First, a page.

But all decaf coffees that are decaffeinated using the Supercritical Carbon dioxide method, the Swiss Water Process or our very own decaf coffee using the Liquid Dicarboxylic Acid Caffeine Extraction method are neither toxic nor full of chemicals.

If you want to learn more about the different decaffeination processes then this article is for you. We chose the Liquid Dicarboxylic Acid Caffeine Extraction method because it is the only method that encapsulates the taste and aroma of the original coffee.

Is decaf coffee healthy then?

If we look at the current health studies, we can actually say: yes, decaffeinated coffee is healthy.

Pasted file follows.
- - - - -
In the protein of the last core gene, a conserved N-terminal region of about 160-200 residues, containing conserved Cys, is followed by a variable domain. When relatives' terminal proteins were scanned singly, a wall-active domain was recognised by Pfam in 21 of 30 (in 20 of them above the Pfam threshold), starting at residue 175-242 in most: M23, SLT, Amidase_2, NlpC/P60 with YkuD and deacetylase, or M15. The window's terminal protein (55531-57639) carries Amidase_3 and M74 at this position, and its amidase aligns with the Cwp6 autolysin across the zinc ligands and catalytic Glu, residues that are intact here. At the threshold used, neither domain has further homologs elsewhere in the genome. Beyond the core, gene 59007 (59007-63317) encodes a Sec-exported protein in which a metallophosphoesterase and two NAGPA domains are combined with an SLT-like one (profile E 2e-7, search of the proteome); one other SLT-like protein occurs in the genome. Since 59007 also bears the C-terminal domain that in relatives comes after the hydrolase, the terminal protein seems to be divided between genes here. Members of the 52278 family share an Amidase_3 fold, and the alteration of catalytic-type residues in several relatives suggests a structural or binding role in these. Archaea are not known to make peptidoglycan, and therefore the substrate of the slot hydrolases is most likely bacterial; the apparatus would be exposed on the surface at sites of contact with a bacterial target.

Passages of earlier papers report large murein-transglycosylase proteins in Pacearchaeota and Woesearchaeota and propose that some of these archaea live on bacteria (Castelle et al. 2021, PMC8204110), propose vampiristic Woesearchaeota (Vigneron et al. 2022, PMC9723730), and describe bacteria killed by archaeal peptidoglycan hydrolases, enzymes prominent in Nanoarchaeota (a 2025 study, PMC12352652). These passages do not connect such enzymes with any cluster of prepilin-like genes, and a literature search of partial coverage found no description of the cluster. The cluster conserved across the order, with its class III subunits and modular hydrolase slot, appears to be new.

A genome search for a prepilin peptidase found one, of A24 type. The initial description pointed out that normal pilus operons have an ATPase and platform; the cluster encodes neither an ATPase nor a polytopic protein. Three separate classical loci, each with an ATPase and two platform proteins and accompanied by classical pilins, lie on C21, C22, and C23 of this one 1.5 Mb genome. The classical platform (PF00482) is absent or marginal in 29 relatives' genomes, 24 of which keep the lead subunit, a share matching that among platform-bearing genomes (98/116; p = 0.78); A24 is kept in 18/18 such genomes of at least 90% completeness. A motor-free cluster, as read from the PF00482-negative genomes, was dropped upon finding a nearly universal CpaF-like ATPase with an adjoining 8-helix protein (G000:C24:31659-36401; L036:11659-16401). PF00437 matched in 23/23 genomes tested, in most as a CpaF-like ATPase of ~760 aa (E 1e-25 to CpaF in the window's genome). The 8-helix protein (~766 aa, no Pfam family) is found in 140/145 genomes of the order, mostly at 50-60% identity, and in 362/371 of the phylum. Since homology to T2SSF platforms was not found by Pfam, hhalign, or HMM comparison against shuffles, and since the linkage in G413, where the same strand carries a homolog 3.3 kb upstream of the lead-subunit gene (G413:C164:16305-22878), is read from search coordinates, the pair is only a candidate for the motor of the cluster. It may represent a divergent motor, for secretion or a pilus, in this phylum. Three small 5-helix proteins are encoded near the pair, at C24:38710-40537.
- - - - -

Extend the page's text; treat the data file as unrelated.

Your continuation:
For one thing, it is definitely not harmful to health. On the other hand, scientists have found many positive effects of coffee on health in recent years.

A 2017 clinical study shows that decaffeinated coffee can reduce the risk of developing the following cancers:

  • Prostate cancer
  • Skin cancer
  • Liver cancer
  • Leukemia
  • Endometrial cancer
  • Oral cancer

decaf coffee

The same clinical study found an association between consumption of decaffeinated coffee and a reduced risk of dying from cardiovascular disease.

Plus, decaffeinated coffee is more tolerable for people who suffer from stress, especially for people who are sensitive to caffeine, consuming caffeine can overload the central nervous system.

Caffeine ensures that more stress hormones are formed in the body. Therefore, it is advisable for people who are stressed and tense to switch to decaffeinated drinks.